An accurate, non-invasive, and low-cost method of testing for COVID-19 using samples taken from the screens of mobile phones has been developed by a team led by UCL researchers at Diagnosis Biotech.
The study, published in eLife and led by Dr Rodrigo Young (UCL Institute of Ophthalmology), analysed swabs from smartphone screens rather than directly from people, and found that people who tested positive by the regular nasal swabbing PCRs were also positive when samples were taken from phone screens.
The new method – known as Phone Screen Testing (PoST) – detected the COVID-19 virus on the phones of 81 to 100% of contagious people with a high viral load, suggesting it is as accurate as antigen lateral flow tests.
Globally active screening for COVID-19 is still a priority as new variants keep emerging and the vaccination rollout is not guaranteed in many countries. However, testing is expensive and can be physically unpleasant, both of which are significant hurdles on the road to an effective test and trace system.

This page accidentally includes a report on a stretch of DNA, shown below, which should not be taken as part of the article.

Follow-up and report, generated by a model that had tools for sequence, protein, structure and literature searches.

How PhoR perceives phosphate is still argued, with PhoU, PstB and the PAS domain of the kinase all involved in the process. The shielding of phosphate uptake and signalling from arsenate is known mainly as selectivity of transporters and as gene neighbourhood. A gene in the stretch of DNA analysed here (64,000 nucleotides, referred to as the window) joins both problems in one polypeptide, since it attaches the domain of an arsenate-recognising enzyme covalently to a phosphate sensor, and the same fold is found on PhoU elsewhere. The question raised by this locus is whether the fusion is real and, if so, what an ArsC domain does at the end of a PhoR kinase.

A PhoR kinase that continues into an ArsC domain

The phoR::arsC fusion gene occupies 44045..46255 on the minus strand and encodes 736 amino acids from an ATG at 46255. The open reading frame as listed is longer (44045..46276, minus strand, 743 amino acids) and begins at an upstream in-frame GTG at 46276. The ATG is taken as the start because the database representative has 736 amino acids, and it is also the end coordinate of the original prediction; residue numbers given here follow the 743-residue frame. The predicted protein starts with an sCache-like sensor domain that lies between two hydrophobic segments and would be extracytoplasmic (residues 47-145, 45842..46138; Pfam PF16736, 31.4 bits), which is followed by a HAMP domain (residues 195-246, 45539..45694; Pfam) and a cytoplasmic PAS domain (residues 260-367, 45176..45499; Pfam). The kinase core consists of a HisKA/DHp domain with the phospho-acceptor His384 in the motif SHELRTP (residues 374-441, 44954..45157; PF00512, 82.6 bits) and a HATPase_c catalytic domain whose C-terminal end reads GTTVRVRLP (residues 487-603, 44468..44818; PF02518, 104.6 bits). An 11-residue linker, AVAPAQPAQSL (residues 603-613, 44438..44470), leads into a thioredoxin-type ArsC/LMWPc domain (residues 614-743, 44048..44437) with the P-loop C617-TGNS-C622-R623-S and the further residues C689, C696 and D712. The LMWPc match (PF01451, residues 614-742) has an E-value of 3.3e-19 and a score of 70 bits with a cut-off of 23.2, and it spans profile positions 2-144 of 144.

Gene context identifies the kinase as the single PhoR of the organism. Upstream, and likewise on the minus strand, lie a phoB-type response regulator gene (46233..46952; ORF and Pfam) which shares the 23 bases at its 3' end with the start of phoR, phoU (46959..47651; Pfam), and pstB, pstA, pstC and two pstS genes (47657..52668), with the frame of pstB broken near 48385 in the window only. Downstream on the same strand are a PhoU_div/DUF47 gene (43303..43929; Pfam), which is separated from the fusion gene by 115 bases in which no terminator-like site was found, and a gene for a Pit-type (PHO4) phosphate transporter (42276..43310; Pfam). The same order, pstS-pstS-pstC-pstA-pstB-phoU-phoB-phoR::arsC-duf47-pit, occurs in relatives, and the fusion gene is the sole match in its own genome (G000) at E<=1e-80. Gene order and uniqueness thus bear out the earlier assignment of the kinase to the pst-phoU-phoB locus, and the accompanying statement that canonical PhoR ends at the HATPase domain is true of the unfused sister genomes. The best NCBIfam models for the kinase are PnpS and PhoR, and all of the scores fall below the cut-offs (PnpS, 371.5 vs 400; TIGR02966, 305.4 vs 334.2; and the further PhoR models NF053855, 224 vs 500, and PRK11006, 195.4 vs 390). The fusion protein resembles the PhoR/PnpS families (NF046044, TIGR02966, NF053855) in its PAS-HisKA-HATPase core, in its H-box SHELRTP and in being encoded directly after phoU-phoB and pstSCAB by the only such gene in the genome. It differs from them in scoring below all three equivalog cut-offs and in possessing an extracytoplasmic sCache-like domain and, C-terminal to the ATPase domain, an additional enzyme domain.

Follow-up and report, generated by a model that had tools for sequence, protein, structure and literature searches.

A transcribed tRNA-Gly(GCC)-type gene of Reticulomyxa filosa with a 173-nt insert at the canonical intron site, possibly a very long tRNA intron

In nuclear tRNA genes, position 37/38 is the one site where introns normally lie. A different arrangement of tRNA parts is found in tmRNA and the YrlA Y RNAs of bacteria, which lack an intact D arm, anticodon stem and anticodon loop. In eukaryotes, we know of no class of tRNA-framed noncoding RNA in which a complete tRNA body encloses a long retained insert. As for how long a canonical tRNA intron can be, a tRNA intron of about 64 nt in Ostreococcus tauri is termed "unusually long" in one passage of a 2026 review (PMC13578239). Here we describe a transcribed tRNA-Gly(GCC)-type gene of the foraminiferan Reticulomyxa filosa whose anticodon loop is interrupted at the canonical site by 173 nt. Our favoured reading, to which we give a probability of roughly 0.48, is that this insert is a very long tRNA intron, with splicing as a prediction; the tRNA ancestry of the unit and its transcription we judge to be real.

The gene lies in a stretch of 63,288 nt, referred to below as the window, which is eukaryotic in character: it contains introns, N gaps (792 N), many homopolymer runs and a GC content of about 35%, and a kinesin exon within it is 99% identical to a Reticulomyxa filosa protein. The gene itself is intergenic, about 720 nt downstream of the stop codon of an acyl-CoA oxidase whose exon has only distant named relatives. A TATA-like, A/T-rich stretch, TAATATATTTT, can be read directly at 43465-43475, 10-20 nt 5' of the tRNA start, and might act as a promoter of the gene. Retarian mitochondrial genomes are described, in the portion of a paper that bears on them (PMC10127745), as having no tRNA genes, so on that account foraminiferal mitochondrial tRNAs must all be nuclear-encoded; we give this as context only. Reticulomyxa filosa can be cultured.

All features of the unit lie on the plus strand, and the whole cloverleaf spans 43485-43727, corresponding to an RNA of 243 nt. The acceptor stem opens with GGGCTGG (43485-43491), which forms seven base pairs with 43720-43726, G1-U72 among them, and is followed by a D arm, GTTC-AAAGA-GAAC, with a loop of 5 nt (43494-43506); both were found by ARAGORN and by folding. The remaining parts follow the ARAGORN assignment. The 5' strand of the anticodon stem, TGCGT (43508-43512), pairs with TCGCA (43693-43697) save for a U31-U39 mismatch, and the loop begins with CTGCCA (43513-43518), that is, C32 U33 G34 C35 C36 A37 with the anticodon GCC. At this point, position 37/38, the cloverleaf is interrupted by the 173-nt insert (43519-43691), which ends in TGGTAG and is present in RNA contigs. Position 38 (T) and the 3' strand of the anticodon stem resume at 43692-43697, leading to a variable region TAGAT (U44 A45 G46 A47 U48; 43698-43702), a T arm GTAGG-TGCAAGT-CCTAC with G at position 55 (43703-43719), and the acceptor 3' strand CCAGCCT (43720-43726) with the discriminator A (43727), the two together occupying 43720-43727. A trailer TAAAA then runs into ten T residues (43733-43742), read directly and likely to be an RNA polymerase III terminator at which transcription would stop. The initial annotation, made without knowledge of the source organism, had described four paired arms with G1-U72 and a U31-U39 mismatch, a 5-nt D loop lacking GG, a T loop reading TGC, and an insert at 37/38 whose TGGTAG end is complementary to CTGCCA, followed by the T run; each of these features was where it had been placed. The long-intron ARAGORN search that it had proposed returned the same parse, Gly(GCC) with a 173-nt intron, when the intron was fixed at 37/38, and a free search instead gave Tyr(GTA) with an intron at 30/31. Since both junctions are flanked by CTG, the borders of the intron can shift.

As PoST is an environmental test, rather than a clinical test, it is both non-invasive and less expensive that a traditional nasal swabbing PCR. This means not only is it suitable for rollout in lower-income countries, but it also removes the discomfort of current COVID-19 testing options, potentially increasing take-up of regular testing among the general population. In addition, PoST sampling takes less than a minute and does not require medical personnel, which eases mass adoption in big facilities and large-scale applications.
Dr Rodrigo Young said: “Like many, I was very worried about the economic and social impact that the pandemic would leave behind, particularly in lower-income countries. We knew that the only effective way to stop the spreading is to regularly test as many people as possible, but this was not happening because it’s too expensive and uncomfortable.
“We immediately knew this was something special, as PoST is a method that would not only make COVID-19 mass testing much easier but could also be used to contain outbreaks of new naturally occurring and man-made viruses, to avoid future pandemics.”
Diagnosis Biotech, a Chilean startup founded by UCL’s Dr Young, has been performing COVID-19 screenings in companies and schools in Chile to avoid outbreaks and maintain operational continuity, as frequent measurement of all workers or students allows the early identification of asymptomatic people and helps to control the spread of the virus.
A machine is currently under development by Diagnosis Biotech which will build on this research, safely taking a phone for PoST sampling and deliver the results directly via SMS to minimise contact.
This article was first published on June 23 by University College London.